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  2. It doesn’t just happen to Kenley. It’s been a tough year for closers! Looks like we’ll,have to beat Corbin on Thursday. Time for Turner, Pollock and Freese to step,up!

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  3. Time to step up and see what this team is made of. No more excuses and over analyzing. Play the game to win!!! And do what they are all paid to!!!

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      1. Yup, the only question is whether Kike will be hitting leadoff or cleanup.
        Any way we can get Rendon before Thursday?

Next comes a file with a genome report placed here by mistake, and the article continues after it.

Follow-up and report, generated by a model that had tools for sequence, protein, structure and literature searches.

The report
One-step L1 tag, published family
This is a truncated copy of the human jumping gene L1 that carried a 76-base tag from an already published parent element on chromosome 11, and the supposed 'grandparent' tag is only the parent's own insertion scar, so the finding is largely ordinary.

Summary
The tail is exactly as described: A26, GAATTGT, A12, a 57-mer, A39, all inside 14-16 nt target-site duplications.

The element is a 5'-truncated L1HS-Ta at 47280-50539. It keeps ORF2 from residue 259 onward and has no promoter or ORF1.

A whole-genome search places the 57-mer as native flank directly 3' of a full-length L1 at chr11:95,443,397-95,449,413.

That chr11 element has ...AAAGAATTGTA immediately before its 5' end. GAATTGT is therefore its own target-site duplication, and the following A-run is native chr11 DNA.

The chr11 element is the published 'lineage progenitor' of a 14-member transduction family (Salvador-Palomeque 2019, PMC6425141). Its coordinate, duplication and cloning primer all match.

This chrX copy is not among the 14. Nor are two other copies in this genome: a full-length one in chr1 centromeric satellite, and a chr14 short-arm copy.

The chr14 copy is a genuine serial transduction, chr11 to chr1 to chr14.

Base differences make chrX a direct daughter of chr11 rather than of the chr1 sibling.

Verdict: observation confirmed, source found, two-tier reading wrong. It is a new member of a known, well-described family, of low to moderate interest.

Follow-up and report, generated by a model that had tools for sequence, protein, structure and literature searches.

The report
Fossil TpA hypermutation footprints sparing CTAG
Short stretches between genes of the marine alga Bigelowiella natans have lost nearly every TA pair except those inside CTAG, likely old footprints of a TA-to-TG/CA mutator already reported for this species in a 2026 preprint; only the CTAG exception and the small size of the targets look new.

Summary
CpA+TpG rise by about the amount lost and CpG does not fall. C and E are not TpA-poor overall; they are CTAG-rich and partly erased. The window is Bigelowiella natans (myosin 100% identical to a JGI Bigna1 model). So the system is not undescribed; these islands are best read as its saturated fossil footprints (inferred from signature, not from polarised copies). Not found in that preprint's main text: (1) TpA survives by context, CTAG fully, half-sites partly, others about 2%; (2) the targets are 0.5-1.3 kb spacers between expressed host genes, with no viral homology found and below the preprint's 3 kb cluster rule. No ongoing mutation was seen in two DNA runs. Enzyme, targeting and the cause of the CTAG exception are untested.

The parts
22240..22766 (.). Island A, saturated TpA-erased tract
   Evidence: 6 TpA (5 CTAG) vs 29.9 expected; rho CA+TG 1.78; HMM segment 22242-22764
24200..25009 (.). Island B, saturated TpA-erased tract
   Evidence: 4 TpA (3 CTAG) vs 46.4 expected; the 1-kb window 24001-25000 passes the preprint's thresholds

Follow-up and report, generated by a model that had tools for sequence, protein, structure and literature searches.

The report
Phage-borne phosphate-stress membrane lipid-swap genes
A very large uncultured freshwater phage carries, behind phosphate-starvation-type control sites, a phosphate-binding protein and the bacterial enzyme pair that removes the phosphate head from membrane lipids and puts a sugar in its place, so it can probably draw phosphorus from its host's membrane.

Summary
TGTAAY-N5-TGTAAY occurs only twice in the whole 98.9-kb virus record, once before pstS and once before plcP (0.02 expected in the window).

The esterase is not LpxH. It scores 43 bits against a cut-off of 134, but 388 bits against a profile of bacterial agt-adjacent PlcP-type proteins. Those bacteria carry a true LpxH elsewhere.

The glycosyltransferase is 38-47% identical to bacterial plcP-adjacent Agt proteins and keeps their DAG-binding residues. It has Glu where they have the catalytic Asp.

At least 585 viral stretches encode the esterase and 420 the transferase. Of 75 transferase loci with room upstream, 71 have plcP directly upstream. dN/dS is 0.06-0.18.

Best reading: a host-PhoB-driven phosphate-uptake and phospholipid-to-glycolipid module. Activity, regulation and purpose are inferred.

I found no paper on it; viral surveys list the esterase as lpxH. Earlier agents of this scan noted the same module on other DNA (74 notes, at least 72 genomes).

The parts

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    1. Could not happen Keith. They won the most games in the league and that quality’s them to play the wild card team. Look, DC has never beaten the Dodgers in the playoffs. And the other thing is, everyone says can they beat elite hitters and pitchers. Guys, this is a damn good team. They won 106 games for a reason. They are grinders and they never believe they are out of any game. They beat DC 4 of 7, they beat Atlanta 4 of 7, they were 3-4 against St Louis, but won the last 3 games against them in LA. They are a great home team and they have home field in the NL playoffs. Neither Scherzer or Strasburg will likely start the series because they pitched tonight. And Keith, did you watch that game? They were LUCKY. The Brewers beat themselves, not the other way around. The eighth inning was started with a hit batter, a shattered bat blooper that barely cleared the infield, a walk and a single to right that turned into a error that allowed DC to score 3 runs and go ahead. It is not like they knocked the cover off of the ball. They were losing almost the entire game. Now, Corbin has a 5-9 record against the Dodgers in his career. He also has a losing record at Dodger Stadium. That covers 21 games. This year he has given up 24 homers, so he is prone to do that. Bellinger and Muncy hit lefty’s pretty well. Turner will be back in the lineup. As we all know, the playoffs are a crap shoot. Both teams are hot going into the series, so anything can happen. It is not going to be easy, but then again it never is. Series with the Braves last year went 4, then the Brewers who had home field, took them to 7 games and they had to win on the road. But DC’s overall pitching is 8th in the NL and the Dodgers are 1st. They can hit and score runs, but so can the Dodgers. It will be a good series and pressure is a good thing. It will keep them sharp if they advance. I thought they were going to lose to the Brewers last year and they pulled it out. Give the team some credit. They are a tough bunch.